In this post, we’ll discuss the dynamics of the Secure and Avoidant attachment combination. We’ll compare and contrast this combination with the Secure-Secure partnership and explore how the Secure partner can support and reassure their Avoidant spouse.

Secure and Avoidant attachment combination 

A marital relationship can have distinct dynamics where one partner has a Secure attachment style, and the other has an Avoidant (sometimes called Avoidant-Dismissive) attachment style. These dynamics are influenced by the characteristic behaviors and emotional responses associated with these attachment styles:

Communication and emotional expression:

The Secure partner is comfortable with emotional expression and open communication. They are able to express their feelings and needs clearly and be attentive and responsive to their partner’s emotions.

The Avoidant partner tends to downplay, suppress, or dismiss their own or their partner’s emotions. They may view expressing emotional vulnerability as a “weakness” and may avoid dynamic sharing or transparency. They may deny “negative” feelings of sadness, shame, guilt, or fear, but not anger. Anger is used to regulate distance from their partner. They may focus on practical matters rather than delve into deep emotional discussions. They may mock or ridicule the expression of emotions they are uncomfortable with. The Avoidant may downplay even more “positive” emotions such as pride, interest, or joy, or consider them irrelevant or unnecessary to life.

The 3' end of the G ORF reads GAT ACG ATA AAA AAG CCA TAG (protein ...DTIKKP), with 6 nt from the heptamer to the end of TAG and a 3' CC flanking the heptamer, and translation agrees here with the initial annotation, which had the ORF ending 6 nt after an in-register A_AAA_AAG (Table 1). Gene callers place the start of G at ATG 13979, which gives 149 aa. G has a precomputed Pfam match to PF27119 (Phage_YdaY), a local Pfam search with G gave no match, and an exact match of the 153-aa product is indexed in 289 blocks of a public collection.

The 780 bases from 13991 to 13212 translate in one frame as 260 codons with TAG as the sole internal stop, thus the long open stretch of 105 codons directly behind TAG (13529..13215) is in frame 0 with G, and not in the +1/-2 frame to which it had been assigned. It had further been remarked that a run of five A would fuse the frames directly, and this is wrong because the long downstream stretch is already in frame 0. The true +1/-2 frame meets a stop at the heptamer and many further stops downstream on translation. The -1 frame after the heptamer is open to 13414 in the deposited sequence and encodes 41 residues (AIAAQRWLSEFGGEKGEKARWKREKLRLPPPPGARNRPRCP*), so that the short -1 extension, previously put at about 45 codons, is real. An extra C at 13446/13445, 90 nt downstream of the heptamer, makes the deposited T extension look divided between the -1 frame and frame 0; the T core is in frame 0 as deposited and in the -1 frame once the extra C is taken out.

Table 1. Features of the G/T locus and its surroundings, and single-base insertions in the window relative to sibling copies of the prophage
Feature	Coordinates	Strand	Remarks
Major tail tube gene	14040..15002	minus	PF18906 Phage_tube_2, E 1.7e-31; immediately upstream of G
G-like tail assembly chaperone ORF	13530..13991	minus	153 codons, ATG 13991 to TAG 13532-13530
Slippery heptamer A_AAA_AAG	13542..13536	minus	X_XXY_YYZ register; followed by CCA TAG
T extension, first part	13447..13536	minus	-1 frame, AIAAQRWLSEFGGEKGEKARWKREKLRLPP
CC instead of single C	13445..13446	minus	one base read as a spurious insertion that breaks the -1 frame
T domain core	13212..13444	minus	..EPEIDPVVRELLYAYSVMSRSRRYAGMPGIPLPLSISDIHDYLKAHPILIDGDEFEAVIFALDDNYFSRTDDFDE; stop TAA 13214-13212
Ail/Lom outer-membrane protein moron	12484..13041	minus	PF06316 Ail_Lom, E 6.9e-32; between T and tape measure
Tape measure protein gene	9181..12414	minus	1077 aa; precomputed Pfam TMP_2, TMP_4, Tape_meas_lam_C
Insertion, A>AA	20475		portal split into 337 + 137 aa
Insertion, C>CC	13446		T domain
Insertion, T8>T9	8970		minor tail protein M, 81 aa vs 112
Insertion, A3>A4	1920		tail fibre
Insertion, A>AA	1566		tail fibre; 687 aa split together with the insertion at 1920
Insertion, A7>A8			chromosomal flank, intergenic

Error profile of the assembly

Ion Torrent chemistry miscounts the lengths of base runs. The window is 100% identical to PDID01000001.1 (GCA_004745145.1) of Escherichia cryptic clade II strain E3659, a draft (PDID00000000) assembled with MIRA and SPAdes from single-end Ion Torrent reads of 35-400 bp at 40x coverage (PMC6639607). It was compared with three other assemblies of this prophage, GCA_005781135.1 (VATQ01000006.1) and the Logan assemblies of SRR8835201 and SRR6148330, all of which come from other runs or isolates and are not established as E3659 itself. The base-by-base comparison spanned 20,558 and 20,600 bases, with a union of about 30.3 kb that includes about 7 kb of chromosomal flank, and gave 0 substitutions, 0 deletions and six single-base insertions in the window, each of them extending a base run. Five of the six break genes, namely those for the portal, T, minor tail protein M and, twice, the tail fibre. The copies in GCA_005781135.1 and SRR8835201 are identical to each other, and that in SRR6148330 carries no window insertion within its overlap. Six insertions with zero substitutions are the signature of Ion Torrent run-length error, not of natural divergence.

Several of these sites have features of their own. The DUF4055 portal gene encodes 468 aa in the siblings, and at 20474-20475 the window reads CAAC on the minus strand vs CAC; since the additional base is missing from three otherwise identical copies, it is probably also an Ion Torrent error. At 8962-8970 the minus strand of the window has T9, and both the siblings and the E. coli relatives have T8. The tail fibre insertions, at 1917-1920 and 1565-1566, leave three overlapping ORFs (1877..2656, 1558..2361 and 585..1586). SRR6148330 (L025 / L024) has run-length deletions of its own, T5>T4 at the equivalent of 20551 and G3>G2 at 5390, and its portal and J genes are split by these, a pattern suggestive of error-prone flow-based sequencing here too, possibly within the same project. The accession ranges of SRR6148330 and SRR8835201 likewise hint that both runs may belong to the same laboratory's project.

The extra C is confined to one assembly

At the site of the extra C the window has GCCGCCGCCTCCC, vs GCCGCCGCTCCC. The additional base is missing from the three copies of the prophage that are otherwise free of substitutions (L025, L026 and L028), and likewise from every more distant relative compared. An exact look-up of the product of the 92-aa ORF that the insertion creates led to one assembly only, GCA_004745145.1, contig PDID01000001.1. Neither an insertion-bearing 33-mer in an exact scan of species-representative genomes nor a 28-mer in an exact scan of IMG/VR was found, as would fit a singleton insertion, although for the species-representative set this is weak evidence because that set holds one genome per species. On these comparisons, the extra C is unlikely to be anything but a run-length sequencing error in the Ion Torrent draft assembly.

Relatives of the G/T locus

Independence and intimacy:

The Secure partner can balance their need for independence with their desire for intimacy, they value closeness in the relationship. They can also pursue individual interests without fear of abandonment.

The Avoidant partner tends to prioritize and highly value independence and self-sufficiency and require personal space and alone time, even at the cost of connection. They prefer to handle emotions and problems independently rather than seeking support or comfort. They may be uncomfortable with too much closeness and intimacy. They may pull away when they feel overwhelmed by emotional demands. They may become intimidated and angry at their secure partner, experiencing the invitation to share as a “demand.”

They may feel overwhelmed or suffocated if they perceive their partner as too emotionally demanding or intrusive. They might find it challenging to express love or affection in highly emotional or vulnerable ways, which can be frustrating or hurtful for their partner. The Avoidant partner may fear becoming too dependent on their partner for emotional well-being. This can lead to a reluctance to lean on their spouse, even in times of need. They may prioritize their autonomy and individuality, sometimes at the expense of the relationship. This can result in a preference for pursuing personal interests and goals independently.

Response to emotional distress:

Where as the Secure partner is empathetic and supportive when their spouse is going through a difficult time, providing comfort and reassurance, and their presence is intended to create a sense of safety;

The Avoidant partner struggles to offer or accept emotional support during distress. They may not always understand or know how to respond to their partner’s emotions. Instead, they may distance themselves and grow cold to their partner’s “neediness.” They might find it uncomfortable or unfamiliar to receive emotional support or reassurance from their partner and “shrug it off.” They may struggle to accept help or comfort when they are feeling vulnerable.